Chanakya

Kautilya’s Arthashastra on Personal Wealth Creation

A significant amount of people invest their energy today in building their careers, and organizations, in the hope to achieve a financially secure future. Starting from their schooling, college education until professional skill development, they invest heavily to achieve this end. And yet their lives are marred by insecurities and they often live overwhelmed by stress and anxieties. All the promises of “great jobs” of academia and “a promising future” of the employers tend to fall short and they eventually succumb to ideas such as “Life is unfair” and that “Financial security is a mirage.”  But, will that be an accurate assessment? Is there no way to earn financial security? Are they destined to suffer for want of adequate financial income? Such thoughts often end up yielding a sense of hopelessness, which in turn makes way for chaos in. They even doom people into thinking that things are “beyond reproach.”

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The Kautilya’s Perspective on Wealth: Artha, Vyartha and Anartha

Kautilya advises, “Wealth has only three ends – it’s either spent on deserving people or things, misspent on undeserving people and things or just rots away and falls into the hands of others (deserving or undeserving).” Stagnant wealth is of no utility.

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Chanakya & Six Principles of Vedic Management 

Chanakya was not a vengeful person, nor a ruthless and blood thirsty conspirator as it is wrongly believed. He wasn’t even “Prime Minister” of the Mauryan empire under Chandragupta Maurya. He was a wise sage who arduously studied, respected and followed the teachings and wisdom of the Vedas all his life. And the Vedas don’t endorse unwise qualities like vengeance. They are shunned beyond doubt.

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The Qualities of an Undeserving Leader according to Chanakya a.k.a. Kautilya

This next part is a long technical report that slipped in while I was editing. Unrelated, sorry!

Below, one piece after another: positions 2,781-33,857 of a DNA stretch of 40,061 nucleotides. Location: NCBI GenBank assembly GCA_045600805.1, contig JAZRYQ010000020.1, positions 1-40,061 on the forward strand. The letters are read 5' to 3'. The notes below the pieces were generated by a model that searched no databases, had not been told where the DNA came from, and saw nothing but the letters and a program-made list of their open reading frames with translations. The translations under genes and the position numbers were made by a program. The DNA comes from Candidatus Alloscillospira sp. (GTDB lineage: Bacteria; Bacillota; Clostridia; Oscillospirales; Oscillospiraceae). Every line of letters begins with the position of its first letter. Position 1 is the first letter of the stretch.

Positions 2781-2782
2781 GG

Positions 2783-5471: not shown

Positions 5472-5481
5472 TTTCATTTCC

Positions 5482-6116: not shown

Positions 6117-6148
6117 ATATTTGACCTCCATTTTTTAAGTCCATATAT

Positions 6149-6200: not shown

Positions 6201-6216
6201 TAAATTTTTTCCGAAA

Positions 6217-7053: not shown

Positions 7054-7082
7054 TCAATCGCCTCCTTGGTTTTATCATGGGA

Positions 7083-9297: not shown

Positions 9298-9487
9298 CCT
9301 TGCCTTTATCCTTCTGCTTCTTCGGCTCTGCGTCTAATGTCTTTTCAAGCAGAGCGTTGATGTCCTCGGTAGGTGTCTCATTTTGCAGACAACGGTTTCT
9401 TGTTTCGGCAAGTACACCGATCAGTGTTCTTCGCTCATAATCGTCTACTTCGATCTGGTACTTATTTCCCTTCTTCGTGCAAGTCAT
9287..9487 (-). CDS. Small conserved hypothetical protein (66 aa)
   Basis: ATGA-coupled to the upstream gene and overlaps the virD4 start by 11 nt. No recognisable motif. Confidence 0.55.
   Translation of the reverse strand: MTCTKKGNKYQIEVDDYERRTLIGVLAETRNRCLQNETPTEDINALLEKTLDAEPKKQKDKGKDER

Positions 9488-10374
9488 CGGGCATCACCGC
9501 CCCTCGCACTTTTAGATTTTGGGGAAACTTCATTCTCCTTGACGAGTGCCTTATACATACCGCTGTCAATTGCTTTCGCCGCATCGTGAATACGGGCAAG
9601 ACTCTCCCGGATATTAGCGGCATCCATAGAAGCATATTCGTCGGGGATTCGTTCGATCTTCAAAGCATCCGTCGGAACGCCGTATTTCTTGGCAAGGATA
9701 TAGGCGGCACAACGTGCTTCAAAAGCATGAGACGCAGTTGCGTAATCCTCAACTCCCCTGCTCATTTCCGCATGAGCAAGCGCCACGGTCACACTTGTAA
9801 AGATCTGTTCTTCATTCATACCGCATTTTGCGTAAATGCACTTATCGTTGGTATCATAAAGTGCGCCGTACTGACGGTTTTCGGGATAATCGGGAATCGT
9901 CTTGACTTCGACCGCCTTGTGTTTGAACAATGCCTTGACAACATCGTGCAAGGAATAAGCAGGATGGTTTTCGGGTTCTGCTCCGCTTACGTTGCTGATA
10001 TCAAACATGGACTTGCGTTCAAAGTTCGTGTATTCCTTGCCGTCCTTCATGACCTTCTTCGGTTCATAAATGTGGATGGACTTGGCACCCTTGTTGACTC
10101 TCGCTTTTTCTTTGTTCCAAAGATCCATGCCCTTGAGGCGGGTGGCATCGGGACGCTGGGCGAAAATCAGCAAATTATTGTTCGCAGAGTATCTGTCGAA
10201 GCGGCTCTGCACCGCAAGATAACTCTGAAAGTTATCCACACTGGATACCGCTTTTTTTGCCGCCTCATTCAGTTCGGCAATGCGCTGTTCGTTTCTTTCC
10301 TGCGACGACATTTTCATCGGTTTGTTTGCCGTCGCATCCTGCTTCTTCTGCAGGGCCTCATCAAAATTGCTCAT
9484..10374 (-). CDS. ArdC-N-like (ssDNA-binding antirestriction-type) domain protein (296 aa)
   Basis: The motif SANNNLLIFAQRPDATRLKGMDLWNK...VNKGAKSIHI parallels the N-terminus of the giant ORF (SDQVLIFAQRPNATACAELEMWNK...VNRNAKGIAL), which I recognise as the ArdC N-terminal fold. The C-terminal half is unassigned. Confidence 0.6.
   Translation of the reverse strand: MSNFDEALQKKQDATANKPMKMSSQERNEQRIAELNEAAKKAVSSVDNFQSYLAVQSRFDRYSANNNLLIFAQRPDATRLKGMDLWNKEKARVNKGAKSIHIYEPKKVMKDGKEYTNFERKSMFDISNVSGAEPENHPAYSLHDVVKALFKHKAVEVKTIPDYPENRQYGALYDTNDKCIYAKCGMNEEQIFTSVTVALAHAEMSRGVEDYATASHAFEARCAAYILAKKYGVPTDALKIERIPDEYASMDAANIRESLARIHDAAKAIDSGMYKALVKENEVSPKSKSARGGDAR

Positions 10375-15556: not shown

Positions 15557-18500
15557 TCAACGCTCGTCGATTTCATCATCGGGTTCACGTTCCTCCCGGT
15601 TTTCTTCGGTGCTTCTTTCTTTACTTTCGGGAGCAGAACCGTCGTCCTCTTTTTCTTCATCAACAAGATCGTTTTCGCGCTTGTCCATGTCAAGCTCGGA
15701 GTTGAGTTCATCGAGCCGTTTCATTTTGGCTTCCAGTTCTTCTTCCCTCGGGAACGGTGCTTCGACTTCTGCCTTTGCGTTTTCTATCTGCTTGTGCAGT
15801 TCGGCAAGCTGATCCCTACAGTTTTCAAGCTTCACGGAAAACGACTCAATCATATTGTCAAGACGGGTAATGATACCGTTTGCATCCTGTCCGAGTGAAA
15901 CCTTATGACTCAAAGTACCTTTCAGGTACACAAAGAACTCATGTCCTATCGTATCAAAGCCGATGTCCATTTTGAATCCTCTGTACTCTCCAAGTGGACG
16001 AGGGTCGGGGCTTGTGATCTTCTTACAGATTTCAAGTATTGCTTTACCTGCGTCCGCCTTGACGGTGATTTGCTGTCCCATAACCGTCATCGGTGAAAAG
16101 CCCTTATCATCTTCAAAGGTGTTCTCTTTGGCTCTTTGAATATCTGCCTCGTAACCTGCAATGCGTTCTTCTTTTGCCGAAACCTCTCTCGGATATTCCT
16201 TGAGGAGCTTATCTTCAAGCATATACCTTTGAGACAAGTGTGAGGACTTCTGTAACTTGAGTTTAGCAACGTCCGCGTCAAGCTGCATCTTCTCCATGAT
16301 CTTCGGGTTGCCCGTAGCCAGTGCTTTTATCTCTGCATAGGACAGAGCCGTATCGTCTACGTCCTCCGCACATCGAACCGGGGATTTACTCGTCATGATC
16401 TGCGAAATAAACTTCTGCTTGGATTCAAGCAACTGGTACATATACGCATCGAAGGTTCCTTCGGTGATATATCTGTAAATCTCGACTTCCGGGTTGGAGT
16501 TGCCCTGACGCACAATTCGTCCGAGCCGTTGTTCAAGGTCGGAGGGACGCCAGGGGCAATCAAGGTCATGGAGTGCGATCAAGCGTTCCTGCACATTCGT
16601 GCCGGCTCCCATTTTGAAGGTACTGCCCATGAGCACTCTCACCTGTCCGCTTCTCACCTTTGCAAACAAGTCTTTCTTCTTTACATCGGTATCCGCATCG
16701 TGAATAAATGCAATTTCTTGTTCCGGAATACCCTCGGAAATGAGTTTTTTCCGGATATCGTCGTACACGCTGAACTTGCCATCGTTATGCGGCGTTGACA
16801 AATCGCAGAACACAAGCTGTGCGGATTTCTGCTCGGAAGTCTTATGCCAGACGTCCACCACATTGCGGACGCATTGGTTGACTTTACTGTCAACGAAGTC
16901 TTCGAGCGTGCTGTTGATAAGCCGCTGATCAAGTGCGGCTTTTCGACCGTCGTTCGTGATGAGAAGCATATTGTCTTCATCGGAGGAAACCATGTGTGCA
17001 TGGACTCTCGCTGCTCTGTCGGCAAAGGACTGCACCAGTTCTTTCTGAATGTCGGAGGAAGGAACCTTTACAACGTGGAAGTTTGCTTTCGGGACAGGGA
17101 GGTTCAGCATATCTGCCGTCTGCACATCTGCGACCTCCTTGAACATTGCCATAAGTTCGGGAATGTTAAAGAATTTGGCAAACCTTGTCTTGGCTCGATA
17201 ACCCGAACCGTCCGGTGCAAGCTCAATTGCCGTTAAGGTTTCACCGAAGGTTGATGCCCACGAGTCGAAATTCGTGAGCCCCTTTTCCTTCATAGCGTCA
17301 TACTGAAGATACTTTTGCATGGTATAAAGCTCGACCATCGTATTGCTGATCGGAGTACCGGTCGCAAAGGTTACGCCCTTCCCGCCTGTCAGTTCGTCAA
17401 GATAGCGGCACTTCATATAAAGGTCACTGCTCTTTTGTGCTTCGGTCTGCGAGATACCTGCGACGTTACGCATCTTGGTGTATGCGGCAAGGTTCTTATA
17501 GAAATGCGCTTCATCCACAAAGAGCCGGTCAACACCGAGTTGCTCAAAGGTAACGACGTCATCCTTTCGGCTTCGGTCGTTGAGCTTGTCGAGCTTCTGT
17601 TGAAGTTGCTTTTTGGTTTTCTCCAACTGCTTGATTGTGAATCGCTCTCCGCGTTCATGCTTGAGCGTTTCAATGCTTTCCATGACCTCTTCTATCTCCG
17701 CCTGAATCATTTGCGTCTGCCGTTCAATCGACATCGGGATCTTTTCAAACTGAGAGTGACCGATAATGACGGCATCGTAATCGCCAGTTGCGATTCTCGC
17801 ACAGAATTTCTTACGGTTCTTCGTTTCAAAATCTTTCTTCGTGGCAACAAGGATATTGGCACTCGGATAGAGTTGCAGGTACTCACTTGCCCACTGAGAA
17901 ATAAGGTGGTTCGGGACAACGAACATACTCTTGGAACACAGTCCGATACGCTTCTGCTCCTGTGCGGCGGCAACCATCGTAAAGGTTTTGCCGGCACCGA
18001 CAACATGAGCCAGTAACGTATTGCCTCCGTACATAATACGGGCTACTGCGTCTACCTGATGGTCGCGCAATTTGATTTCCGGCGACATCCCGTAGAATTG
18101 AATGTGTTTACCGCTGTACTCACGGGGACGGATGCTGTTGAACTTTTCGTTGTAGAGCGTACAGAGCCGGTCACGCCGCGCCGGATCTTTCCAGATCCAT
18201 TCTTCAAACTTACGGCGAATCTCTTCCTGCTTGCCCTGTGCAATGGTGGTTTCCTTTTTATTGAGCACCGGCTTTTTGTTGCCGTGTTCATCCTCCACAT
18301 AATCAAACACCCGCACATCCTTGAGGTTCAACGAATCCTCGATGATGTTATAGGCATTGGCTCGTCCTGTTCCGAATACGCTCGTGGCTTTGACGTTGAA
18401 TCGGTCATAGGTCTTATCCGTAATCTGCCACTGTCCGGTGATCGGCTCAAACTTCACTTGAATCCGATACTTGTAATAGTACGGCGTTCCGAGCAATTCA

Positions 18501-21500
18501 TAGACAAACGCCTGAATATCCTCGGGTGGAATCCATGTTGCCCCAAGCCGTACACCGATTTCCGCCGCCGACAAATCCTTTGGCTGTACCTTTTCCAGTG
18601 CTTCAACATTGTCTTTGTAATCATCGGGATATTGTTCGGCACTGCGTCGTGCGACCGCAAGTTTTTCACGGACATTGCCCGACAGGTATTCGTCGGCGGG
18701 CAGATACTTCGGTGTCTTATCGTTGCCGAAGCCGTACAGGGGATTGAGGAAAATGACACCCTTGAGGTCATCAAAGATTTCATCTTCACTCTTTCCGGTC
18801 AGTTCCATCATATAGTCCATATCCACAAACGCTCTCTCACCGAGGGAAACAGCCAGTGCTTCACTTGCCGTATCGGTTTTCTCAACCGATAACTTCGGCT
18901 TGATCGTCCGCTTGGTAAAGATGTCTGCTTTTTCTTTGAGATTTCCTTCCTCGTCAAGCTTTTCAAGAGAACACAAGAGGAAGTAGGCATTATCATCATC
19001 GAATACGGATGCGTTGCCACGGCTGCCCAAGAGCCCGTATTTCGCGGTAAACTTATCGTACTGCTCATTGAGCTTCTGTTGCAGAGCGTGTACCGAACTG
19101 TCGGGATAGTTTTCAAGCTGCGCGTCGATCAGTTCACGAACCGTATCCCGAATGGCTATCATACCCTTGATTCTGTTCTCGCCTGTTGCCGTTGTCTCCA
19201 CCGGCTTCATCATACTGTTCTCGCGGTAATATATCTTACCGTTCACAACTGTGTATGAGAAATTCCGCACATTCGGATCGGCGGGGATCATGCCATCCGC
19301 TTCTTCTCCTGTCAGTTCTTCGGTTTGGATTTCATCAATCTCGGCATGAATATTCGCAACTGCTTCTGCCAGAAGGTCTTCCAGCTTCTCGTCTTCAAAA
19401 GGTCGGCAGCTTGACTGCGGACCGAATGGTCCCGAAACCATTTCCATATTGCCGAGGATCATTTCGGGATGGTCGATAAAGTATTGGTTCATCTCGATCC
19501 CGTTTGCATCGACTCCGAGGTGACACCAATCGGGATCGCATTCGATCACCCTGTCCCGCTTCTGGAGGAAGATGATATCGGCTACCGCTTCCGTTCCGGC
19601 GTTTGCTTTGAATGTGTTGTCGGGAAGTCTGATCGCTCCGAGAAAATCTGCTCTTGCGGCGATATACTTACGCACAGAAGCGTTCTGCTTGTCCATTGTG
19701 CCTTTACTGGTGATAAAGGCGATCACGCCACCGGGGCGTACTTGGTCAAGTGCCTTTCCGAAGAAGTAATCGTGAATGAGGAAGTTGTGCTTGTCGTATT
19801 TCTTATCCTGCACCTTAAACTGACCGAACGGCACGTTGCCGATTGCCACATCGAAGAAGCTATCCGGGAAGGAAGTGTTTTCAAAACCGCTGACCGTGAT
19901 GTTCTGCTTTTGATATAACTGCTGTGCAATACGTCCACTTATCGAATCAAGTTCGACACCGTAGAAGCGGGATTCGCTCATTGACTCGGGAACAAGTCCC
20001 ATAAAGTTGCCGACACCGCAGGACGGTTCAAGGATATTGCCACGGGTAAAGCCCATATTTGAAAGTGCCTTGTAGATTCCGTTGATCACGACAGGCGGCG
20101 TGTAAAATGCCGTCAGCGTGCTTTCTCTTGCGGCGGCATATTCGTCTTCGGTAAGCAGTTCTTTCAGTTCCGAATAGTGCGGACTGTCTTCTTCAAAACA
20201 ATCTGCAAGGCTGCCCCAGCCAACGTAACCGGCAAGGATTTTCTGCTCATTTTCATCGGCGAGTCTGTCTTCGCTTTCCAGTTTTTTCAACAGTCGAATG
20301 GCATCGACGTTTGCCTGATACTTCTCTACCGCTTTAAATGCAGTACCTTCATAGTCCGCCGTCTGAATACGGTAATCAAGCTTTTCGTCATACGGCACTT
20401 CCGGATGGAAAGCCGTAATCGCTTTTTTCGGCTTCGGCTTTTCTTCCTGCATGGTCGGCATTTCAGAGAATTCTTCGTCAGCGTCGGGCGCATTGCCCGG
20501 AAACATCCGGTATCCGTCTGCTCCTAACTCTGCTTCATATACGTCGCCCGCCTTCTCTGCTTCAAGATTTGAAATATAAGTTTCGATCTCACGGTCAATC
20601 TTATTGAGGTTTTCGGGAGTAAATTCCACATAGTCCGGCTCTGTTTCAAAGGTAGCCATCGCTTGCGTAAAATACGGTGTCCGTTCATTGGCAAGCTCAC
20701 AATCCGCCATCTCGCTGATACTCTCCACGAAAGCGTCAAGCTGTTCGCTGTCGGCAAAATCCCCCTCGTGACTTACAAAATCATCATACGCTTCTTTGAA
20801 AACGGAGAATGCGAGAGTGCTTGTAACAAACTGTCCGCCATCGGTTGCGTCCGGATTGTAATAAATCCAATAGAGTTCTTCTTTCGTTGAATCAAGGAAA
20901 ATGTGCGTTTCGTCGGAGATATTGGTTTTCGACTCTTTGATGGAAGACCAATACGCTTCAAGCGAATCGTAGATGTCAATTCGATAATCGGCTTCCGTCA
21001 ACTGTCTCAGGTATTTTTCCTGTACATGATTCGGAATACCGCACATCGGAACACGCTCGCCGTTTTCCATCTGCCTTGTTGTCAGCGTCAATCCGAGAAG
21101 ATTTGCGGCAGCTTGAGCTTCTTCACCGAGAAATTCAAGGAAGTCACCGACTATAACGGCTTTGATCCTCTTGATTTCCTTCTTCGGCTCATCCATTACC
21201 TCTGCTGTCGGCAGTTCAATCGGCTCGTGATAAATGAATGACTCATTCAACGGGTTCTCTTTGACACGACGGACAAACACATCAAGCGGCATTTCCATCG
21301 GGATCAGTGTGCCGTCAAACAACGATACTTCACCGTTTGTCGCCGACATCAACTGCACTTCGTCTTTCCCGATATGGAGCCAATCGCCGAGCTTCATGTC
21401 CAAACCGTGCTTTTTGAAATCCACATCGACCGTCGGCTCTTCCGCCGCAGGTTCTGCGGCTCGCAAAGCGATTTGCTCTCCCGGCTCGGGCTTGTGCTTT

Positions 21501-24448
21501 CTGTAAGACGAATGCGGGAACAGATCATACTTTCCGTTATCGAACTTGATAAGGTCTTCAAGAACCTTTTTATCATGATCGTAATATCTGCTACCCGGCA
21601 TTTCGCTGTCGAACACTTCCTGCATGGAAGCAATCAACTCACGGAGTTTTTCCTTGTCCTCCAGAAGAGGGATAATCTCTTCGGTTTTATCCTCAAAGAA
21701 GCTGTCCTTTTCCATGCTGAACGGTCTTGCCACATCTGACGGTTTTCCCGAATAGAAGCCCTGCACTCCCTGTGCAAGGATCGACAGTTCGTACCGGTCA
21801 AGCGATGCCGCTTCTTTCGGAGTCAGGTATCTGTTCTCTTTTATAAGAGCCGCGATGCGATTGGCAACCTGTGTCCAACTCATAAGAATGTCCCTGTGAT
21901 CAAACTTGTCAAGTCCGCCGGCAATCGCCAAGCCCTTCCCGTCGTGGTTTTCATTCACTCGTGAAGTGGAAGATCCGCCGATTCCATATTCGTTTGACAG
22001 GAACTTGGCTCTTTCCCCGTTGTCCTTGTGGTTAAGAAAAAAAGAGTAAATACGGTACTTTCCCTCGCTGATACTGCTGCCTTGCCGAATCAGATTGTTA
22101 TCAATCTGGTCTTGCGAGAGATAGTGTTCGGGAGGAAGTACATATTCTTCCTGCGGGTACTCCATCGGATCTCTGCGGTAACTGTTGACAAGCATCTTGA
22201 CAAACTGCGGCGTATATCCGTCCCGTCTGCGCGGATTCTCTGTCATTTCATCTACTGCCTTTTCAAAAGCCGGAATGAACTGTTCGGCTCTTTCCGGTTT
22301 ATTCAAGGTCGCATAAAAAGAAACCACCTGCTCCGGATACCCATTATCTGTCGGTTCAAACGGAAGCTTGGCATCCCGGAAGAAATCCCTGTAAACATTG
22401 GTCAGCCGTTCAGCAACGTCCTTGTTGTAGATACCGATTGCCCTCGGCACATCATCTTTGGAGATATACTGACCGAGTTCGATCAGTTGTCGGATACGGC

राज्य (Rajya) in Vedic Sanskrit means Administration. A great many translators of Kautilya’s Arthashastra have translated it as Nation-State, State, Country, etc. Kautilya a.k.a. Chanakya also uses a word called राज्यनर्ह: Rajyanarha. And because Rajya is misunderstood as Nation-State and Anarha mean Unworthy, Rajyanarha is often misunderstood as an individual unworthy of the state or citizenship. The correct translation of Rajyanarha, therefore, is a person unworthy of administration, power or Leadership. And according to Kautilya the following ten are unmistakable qualities of an individual unworthy of power:

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15 Qualities of an Ideal Leader According to Kautilya a.k.a. Chanakya

This article recollects the qualities of an ideal leader according to Kautilya aka Chanakya which could be relevant even to this day in any organization, be that political, social or economic.

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Chanakya a.k.a. Kautilya on People and Trust

When the mind is objective, untouched by fear or uncertainties, that is mind you can trust. And with such a trustful mind, you will be able to assess your friends, enemies and, even, create a fighting plan to get out of any situation. Writes U Mahesh Prabhu...

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Uprooting Weakness and Awakening Power: A Vedic Kautilyan Perspective

The complexities of Vedic texts led to substantial misnomers. When people were unable to understand concepts, their interpretations were fictional – leading to scores of mythological tales. These misnomers and mythological ideas confused people further and away from Vedic knowledge and wisdom. There were either renunciates or extreme materialists. Although there were many Vedic seers who insisted on balance to be the perfect path – or Yoga – their logic was too confusing. Politics, therefore, became a domain of extreme materialists and greed-filled individuals.

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